Planting out of Silver beet has begun as well as  broccoli and cabbage. The last of the carrots have been harvested and the bed for the new crop is being prepared. This involves digging in the green crop of marigolds (tagites) and mustard which will deter the pesky carrot flies from laying their eggs

Maintenance work continues. Pruning is just about completed, which is timely as blossom is beginning to appear on the plum trees, and we are stringing the broad beans. The birds have been into our pea sowings so now they are protected by chicken wire guards. The St Martins site has benefited from a lot of work and is  looking good. It yielded a fine crop of pumpkins this year and also seems to be a great spot for growing chili peppers. Also benefiting from some TLC is the Beckenham site which has had lots of bark spread over the paths to freshen them up. In last months blog I incorrectly stated that the bark was donated by City Care. In fact it was given by Beaver Tree Services, so a belated thank you and apology to them. Some of the bark has also been layered into our compost heaps.

We have been disposing of surplus items via the Freecycle network This is a great way to give away items which are of no further use to you but are too good to go to the dump, or conversely, to pick up items which may be useful. It’s all done via email and is easy to use. Just go to https://my.freecycle.org/ for more details.

Emma from Canterbury University has been progressing our Human Activity in Gardening research project by assessing tasks for their suitability in improving balance, load bearing and cardio fitness. Christine and Anna presented the results so far to the last Public Health Association conference earlier this year and this project is ongoing. Emma’s time with us is coming to an end so we thank her for her work and wish her well in her future studies.

Happy Gardening.

What”s happening in July 2018?

Halfway through July already and it’s peas and beans and peas and beans and….! However, lots of other stuff is happening as well. Volunteer Ted has been hard at work with the pruning shears and has completed most of the accessible fruit trees with just a few of the larger ones still to do. The object is to maintain crop levels whilst keeping them to a height which makes harvesting easily manageable. Our peach, quince, apple and apricot trees have all benefited from Ted’s expertise. Also undergoing pruning are our currant bushes. The three colours we have; red, black and white, all require different approaches to pruning. The white ones look and taste terrific in jams and jellies.

On the same theme, all herbaceous perennials are being cut back and compost spread around. We are also spreading shredded branches and bark ( donated by City Care ) on the small orchard  we are developing as a neighbourhood resource.

We are presently dusting all our vacant beds with lime . A light dusting only as the soil is best kept slightly acidic. We will work it into the ground and leave for a month before early planting begins in August.

Potting up and pricking out will continue through July. This will give us a good supply of plants ready for sale in our Spring Market Day on October 6th. We’ve already completed  lots of beautiful daffodils and these will be flowering from September.

We have had an excellent crop of Jerusalem Artichokes (Helianthus tuberosus). Despite the similarity in name, this is a completely different plant to the Globe Artichoke (Cyanara cardunculus var scolymus) which is a type of thistle. They seem to be hard to find in retail outlets so if you like them call in and pick some up.  ($5 per kilo ). They are a bit sweeter than potatoes and go well in a winter soup. Christine is experimenting with fermenting the tubers and also pickling.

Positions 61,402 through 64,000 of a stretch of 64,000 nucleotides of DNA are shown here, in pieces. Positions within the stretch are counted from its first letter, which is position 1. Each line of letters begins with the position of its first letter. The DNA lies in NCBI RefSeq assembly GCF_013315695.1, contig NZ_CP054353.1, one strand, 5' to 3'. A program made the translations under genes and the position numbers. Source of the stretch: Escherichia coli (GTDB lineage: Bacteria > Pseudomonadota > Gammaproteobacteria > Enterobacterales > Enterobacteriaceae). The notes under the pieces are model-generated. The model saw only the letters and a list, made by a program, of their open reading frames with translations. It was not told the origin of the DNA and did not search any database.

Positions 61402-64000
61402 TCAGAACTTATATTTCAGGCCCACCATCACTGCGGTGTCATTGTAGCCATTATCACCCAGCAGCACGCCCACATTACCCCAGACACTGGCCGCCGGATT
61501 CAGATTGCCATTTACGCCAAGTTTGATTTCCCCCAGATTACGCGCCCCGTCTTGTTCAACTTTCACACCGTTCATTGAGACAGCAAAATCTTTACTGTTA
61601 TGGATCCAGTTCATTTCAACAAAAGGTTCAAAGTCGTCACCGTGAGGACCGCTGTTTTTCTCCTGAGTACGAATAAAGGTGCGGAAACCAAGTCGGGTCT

What’s happening in June 2018?

Neil Young wrote “Rust never sleeps”.  Swap “A garden” for “rust” and it sums up nicely the situation in June. We have started harvesting Jerusalem Artichokes. kale, carrots and yams and will be preparing for the Winter Market day on June 23rd with lots of punnets of pea plants and broad bean plants ready for sale. There will also be kale and silver beet seedlings as well as lots of flowering perennials and bulbs such as jonquils and mixed daffodils. Come along and have a look around. 10am until 2.00pm

Jerusalem artichokes do not store well and are best left in the ground if you don’t intend to use them immediately. They can be pickled and are crunchy and delicious when the pickling is done with fresh tubers. They also make a great soup (look out for our recipe for JA and potato soup – coming soon).

Volunteer Darren and Alan have started re-aligning the edges of the garden beds to create better manoeuvrability for the lawn mower and this will continue through the month. They are also taking the opportunity to have a general tidy up. It’s a good time to see the structure of a garden  which means it’s also a good time to attend to the hard landscaping.

Our new plant display stand is nearing completion and will replace the old one this month. If you have visited the garden recently you will have noticed that the existing stand has reached its “end of life” stage.

There will be no let up in the green waste recycling programme during the Winter, although the lower temperatures mean the compost heaps need less turning than they do in warmer weather. If you have no physical space to dispose of your kitchen scraps by making your own compost or perhaps burying them, we would love you to use this service. One estimate has each household generating an average of 5kg of kitchen waste per week, and putting them into the red bin is a waste of a valuable resource. The green bin option means either a small fraction of the bin’s capacity is used each week or accumulating a bin full of putrefying, smelly scraps. Our service is free and easy to use. If you do have some space and want to set up your own composting system, but are unsure how to go about it, come along on a Saturday and get some free advice.